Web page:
New projection: Faster rising seas forecast in South Florida

New scientific projections are predicting that ocean levels will rise even faster than previously forecast over the next four decades in low-lying southeastern Florida

KEY WEST, Fla. -- New scientific projections released Wednesday predict that ocean levels will rise even faster than previously forecast over the next four decades in low-lying southeastern Florida, which is already prone to frequent flooding even on sunny days.

Compared with estimates made in 2015, the new prediction is for about 5 inches (12 centimeters) in additional sea level rise under a moderate outlook by 2060. The projection was released as part of a meeting of the Southeast Florida Climate Leadership Summit, which covers densely populated Miami-Dade, Broward, Palm Beach and Monroe counties.

About 3 inches (7 centimeters) of rising seas have already occurred between 1992 and 2019 in the region, according to the new study. It's become common at high tides — especially the most robust king tides — to flood roads, parks, yards and structures as the water continues to creep upward. Sometimes the water pushes up through inland stormwater systems.

“This is what gets people freaking out,” said Gus Zambrano, assistant manager for the City of Hollywood. “It's a wake-up call.”

The previous overall estimate for sea level rise affecting the region called for about 2 feet (60 centimeters) higher in 2060 than water levels generally were in 2000. Now, the forecast calls for almost 2.5 feet (73 centimeters) of encroaching water over that time span.

Jayantha Obeysekera, director of the Sea Level Solutions Center at Florida International University and one scientist involved in the new projections, said the key variable will be whether an increasingly warming planet undergoing climate change will cause ice sheets in Greenland and Antarctica to melt more rapidly than previously thought. Other factors are rising ocean temperatures and changes in currents such as a slowing Gulf Stream.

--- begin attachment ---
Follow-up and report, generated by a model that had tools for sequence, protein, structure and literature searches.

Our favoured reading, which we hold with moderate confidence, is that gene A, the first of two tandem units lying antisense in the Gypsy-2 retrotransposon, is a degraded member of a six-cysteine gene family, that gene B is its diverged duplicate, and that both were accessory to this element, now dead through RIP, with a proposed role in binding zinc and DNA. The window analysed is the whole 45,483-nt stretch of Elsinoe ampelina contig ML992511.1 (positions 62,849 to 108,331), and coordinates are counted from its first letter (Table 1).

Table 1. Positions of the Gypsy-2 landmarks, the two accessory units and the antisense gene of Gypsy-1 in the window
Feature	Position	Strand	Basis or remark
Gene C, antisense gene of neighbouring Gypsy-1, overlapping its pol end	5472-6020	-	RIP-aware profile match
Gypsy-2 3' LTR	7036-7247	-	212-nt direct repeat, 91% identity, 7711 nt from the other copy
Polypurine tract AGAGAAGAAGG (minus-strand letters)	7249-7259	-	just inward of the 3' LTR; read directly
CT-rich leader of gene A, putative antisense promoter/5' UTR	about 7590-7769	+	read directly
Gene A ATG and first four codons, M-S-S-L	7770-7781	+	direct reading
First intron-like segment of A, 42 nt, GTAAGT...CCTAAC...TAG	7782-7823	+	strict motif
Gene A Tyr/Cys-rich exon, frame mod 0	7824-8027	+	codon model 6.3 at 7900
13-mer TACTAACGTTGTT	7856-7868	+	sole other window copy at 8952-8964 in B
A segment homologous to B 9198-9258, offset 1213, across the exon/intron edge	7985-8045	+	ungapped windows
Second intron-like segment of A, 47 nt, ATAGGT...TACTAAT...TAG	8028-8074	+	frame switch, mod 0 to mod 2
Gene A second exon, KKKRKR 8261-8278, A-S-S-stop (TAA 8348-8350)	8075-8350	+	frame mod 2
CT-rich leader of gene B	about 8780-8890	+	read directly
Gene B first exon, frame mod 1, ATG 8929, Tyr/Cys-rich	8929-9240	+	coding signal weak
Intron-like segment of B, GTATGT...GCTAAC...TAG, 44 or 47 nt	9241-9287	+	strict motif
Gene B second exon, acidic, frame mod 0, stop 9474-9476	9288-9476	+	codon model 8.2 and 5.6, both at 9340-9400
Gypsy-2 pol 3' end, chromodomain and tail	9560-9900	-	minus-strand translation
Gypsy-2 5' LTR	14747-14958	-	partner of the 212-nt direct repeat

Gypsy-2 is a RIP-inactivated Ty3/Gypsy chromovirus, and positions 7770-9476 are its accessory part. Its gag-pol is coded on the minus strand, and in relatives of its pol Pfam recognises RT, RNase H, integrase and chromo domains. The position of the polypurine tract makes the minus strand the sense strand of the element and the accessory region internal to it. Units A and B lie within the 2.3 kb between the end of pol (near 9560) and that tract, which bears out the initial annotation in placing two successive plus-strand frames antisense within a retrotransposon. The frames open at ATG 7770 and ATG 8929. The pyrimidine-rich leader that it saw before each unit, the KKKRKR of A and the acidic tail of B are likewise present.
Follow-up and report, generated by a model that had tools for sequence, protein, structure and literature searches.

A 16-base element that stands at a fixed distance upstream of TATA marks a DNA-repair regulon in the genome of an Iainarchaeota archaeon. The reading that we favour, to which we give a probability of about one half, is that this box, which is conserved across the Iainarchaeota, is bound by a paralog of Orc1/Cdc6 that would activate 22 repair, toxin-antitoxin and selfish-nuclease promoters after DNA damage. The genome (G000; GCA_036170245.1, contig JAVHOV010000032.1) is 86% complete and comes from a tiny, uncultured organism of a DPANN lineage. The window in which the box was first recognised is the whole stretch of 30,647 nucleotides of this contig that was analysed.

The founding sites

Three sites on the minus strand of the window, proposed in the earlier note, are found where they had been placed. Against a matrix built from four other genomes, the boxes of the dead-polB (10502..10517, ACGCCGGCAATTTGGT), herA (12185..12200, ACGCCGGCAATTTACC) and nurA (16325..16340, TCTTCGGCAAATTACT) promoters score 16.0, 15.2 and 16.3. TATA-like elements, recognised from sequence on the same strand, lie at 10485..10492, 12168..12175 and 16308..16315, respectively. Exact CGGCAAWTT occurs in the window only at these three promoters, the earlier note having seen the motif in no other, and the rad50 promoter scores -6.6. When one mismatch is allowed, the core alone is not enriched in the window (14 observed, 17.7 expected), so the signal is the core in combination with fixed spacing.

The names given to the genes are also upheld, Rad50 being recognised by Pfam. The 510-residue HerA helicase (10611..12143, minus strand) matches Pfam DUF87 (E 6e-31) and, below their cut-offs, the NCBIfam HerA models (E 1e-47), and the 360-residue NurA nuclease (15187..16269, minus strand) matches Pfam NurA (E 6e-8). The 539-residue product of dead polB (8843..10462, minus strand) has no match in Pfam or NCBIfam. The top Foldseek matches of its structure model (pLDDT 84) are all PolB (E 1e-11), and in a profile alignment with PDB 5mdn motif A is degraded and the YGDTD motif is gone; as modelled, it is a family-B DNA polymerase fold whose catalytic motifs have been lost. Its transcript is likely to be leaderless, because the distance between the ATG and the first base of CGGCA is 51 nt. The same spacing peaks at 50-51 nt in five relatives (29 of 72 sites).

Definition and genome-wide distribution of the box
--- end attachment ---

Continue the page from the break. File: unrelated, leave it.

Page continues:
“This is the latest, best available science,” Obeysekera said in an interview at the climate summit in Key West. “We have multiple scenarios based on the melting of ice.'"

The projection included input from about a dozen scientists, local government staff experts and officials from the National Oceanic and Atmospheric Administration.

Although the latest projected increase may seem minimal, already governments in the South Florida region are spending hundreds of millions of dollars — with much more to come — on everything from giant water pumps to new sea walls to raising roadways to more innovative approaches such as creating living shorelines that use plants and natural features to keep the water at bay.

City of Miami voters, for example, recently approved a $400 million bond issue to finance a variety of projects, including resilient affordable housing, in part to tackle the rising seas.

“This is not something that is going away in the next year or two,” said Julia Nesheiwat, appointed as Florida's first Chief Resilience Officer earlier this year by Republican Gov. Ron DeSantis, who canceled plans to speak Thursday at the climate summit but has pushed environmental issues more than his GOP predecessor, Rick Scott.

“The problem of sea level rise has come to the forefront of public consciousness," Nesheiwat added.

Roman Gastesi is the administrator for Monroe County, which encompasses the Florida Keys island chain. In the future, he said officials, property owners and businesses will face some tough choices about how to confront the water.

“We can't just raise the whole Keys. There are some places it doesn't make sense,” Gastesi said. “We're going to have to retreat from some areas. And that's going to be costly.”